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Conceding extinction: a look at rare birds

When do you throw in the towel and concede that a rare species has gone extinct? A new study in the journal Biological Conservation presents a methodology for helping conservationists answer this difficult question.

Chris Elphick and fellow researchers tested the method on 38 rare species and subspecies of birds from North America and Hawaii. Based on their analysis they concluded that all 38 have likely gone extinct. This includes a number of species, which have not officially been declared extinct such as the Bachman's warbler (Vermivora bachmanii)

The method uses sighting records - i.e. the years in which a species has been observed - to infer whether species have gone extinct and when the extinctions occurred. For each species, they looked at the average gaps in time between sightings and the date of the last recorded observation, and based on statistical analysis they estimated a likely extinction year.  If the estimated extinction date was in the past, then the species is likely gone. If the estimated extinction date is in the future, then the species may still have a fighting chance.

The process is more than just an academic exercise. Searching for potentially extinct species and trying to conserve them can both be very expensive endeavors. This methodology allows conservationist to identify the species least likely to have gone extinct and prioritize resources for them while minimizing what we spend on species that are already gone.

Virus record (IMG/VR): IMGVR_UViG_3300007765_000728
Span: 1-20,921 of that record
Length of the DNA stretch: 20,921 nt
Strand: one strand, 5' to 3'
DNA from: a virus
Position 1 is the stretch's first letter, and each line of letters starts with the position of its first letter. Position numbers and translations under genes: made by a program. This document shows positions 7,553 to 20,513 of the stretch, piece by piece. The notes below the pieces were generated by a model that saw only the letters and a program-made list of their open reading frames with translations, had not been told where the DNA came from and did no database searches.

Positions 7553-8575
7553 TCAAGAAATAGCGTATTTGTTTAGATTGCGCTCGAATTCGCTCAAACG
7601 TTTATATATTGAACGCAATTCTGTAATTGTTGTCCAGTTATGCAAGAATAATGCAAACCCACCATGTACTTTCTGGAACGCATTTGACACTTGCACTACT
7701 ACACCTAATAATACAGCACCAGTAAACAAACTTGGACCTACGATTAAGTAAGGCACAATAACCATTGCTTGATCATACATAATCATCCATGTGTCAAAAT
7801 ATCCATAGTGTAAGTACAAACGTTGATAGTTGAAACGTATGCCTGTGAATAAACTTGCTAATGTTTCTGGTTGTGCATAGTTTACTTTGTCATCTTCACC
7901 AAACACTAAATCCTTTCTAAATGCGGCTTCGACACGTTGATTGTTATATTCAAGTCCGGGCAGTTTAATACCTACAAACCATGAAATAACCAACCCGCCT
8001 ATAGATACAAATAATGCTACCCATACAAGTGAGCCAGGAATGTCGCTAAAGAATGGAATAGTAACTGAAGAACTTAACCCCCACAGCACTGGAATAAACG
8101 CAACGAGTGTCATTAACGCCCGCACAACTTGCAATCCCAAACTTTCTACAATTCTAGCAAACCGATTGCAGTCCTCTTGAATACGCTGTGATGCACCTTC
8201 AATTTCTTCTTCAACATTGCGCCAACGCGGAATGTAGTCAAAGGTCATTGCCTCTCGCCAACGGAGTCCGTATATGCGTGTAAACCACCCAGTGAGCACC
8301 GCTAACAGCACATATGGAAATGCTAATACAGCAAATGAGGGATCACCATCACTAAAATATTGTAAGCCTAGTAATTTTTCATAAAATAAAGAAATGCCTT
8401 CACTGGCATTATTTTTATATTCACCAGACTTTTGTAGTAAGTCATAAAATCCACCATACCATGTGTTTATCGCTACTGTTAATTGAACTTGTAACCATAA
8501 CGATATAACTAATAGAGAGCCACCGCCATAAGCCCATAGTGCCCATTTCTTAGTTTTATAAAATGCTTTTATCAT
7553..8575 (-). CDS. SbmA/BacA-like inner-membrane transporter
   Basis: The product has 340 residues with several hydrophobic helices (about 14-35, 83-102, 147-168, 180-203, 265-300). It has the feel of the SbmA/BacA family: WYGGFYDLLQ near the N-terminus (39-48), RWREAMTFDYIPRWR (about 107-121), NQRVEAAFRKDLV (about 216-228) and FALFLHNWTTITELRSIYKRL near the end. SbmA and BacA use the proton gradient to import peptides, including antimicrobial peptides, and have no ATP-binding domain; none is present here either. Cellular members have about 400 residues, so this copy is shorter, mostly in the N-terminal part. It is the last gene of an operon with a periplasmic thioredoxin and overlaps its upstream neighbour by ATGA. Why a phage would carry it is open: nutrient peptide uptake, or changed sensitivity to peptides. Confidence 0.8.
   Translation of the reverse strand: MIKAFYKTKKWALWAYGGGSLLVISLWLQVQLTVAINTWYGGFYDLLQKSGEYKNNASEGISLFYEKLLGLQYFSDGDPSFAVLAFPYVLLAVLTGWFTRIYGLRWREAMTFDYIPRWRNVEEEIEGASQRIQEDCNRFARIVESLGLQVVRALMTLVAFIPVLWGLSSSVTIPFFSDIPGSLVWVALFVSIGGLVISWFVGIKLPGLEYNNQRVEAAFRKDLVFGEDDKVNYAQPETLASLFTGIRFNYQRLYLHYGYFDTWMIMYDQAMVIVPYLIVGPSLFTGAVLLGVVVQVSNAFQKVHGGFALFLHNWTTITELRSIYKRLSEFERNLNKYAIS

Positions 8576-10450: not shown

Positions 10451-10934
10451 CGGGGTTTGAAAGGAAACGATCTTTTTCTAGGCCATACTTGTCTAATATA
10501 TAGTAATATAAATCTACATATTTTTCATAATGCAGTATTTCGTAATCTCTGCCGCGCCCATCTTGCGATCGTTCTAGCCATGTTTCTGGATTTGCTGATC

Of the birds they analyzed, only one species, the 'Alala from Hawaii, had a predicted extinction date in the future - 2013 - at a 95% confidence level which means that it is the least likely to be extinct. All the other species with predicted extinctions after the year 2000 were located in Hawaii: the oloma‘o population on Moloka‘i (Myadestes lanaiensis rutha), Maui ‘akepa (Loxops coccineus ochraceus), po‘ouli (Melamprosops phaeosoma), ‘o'u (Psittirostra psittacea) on Kaua‘i, and Kaua‘i ‘o‘o (Moho braccatus).

The study identified some interesting patterns in avian extinction in North America and Hawaii. They found evidence for a peak in extinctions around 1900. On average, 4 years passed from the time of a species last sighting to its estimated extinction date. Conversely, long gaps of time between sightings were very rare. These findings give a chilling reminder of the urgency of species conservation work.

--Reviewed by Rob Goldstein

Elphick, C., Roberts, D., & Michael Reed, J. (2009). Estimated dates of recent extinctions for North American and Hawaiian birds Biological Conservation DOI: 10.1016/j.biocon.2009.11.026

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